‘The one that got away’.      

I still belabor this missed opportunity, as I believe that the size, would have allowed more comfort as I’ve begun ‘collecting’ (not necessarily art / objects but ‘stuff’). Additionally the location and current appeal of this highly stylized building seem to have risen, on the status chart. What I loved most, was the convenience of getting downtown  (a breeze down 7th) as well as uptown, a walk/ up Fifth. Not to mention the proximity to Bergdorf and other renowned shops! But, the biggest ‘wow’ factor was its proximity to Central Park; directly across the street!

Another extraordinary piece of architecture, is located at 12 E 87th.  The Capitol, was my temporary abode while searching for an apartment to purchase, in ‘93. I had the unique opportunity of calling this landmark Neo-Renaissance building home, for almost 1 year. Built in 1912 by the non-conformist architectural firm of George & Edward Blum, it was designated a landmark in 1993. Upon entering, it felt as if I was transported back in time to a former life in Paris. The lobby and upper halls reeked of a past unfamiliar to pinpoint, but one that I subconsciously identified with. Another missed opportunity, as the owner was eager to sell.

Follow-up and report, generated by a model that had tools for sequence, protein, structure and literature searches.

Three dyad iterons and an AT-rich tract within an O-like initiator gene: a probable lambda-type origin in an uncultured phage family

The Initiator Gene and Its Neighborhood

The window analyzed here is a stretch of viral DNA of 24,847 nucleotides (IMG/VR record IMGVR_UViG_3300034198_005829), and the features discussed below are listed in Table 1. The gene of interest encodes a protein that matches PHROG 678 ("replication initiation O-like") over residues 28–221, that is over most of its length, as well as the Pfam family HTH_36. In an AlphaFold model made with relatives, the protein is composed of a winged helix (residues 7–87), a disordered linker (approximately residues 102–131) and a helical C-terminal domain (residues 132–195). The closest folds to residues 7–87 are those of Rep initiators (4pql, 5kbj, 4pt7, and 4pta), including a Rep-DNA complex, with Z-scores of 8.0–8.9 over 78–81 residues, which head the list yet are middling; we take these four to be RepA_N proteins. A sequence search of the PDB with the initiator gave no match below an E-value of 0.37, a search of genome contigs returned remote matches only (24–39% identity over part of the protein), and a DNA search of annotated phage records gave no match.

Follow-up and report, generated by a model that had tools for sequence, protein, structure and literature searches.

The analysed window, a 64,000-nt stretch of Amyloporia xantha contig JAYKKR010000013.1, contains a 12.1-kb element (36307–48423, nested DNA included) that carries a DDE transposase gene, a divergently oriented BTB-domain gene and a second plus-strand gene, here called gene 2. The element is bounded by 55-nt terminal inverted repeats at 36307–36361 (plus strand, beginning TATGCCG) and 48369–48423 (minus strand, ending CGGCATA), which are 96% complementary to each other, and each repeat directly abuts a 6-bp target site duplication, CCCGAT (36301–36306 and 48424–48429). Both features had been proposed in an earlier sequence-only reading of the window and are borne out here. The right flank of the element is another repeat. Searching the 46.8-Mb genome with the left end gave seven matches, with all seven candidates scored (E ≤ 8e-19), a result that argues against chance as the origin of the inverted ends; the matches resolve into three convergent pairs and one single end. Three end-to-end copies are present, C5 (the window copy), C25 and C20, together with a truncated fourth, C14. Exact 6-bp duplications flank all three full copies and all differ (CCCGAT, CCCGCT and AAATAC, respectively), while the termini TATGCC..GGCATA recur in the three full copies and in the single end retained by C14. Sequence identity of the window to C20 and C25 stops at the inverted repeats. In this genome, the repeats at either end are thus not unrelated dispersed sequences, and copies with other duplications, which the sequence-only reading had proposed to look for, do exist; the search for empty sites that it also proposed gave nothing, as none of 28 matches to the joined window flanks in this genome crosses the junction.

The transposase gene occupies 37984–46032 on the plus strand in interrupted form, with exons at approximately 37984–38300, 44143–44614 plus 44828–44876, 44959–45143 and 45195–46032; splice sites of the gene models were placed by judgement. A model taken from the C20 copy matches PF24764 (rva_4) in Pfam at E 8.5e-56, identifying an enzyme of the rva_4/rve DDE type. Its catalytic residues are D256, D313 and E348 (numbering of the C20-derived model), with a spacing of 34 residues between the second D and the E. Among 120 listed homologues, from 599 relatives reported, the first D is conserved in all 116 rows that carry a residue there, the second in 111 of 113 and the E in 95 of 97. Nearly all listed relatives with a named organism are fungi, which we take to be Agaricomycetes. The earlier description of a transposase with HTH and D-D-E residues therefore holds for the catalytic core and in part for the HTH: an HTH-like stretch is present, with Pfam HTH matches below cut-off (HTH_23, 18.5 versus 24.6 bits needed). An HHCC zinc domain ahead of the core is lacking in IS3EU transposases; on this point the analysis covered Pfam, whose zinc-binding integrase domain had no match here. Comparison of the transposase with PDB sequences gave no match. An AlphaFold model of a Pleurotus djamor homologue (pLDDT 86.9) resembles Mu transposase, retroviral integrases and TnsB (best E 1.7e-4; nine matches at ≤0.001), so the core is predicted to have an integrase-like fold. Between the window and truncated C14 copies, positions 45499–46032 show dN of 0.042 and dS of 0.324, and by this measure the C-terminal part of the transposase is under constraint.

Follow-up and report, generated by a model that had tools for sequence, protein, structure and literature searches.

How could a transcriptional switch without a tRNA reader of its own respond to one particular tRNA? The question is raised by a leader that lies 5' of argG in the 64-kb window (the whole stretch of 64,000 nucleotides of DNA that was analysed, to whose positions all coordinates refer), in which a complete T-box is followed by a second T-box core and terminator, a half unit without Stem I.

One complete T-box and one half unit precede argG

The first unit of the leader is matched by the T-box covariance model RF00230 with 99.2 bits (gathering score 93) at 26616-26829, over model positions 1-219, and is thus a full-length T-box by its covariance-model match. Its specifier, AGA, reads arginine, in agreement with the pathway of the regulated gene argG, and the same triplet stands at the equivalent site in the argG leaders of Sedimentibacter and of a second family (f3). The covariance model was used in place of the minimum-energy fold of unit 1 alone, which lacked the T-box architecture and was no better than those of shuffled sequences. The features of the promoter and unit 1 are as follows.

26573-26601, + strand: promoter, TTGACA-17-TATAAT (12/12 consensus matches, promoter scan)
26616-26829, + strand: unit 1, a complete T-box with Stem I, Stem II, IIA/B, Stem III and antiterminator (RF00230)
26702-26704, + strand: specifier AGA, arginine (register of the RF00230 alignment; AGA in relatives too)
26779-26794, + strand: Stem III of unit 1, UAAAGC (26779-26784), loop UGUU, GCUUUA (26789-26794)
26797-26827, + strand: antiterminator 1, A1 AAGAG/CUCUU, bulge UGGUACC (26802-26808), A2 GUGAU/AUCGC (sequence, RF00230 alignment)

Columbus Circle (Ph. LW)

*Onward; while I’m reminiscing about my favorite architecture and buildings where I called ‘home’; some were not residences, but work related. One of the most note-worthy was the NY Coliseum. When I graduated from college, I began working as an editorial assistant for Signature Magazine/ the Diners Club publication. It was then headquartered in the offices above the NY Coliseum at 10 Columbus Circle, before it was demolished in 2000. The Coliseum, a convention center that stood at the center of Columbus Circle from 1956 – 2000, was designed by Leon & Lionel Levy in a modified international style.  It included both exhibition space and a 26 story office block. After several unsuccessful attempts to sell, a deal was struck in 1998 with Time Warner & The Related Companies for 345M, to make way for the originally constructed AOL/ Time Warner building. Developed by the Related Companies, and designed by David Childs & Mustafa Kemal Abadan of Skidmore Owings and Merrill, it consists of two, 750 feet twin towers, bridged by a multi storied atrium. The total floor area of 2.8 million square feet is occupied by office space, residential condominiums, and the Mandarin Oriental Hotel. In spite of its global appeal, mainly to overseas buyers, I still miss the small and spatially visual scape of the NY Coliseum. Or perhaps I’m just missing ‘old’ New York!   

Brill Building (Ph. LW)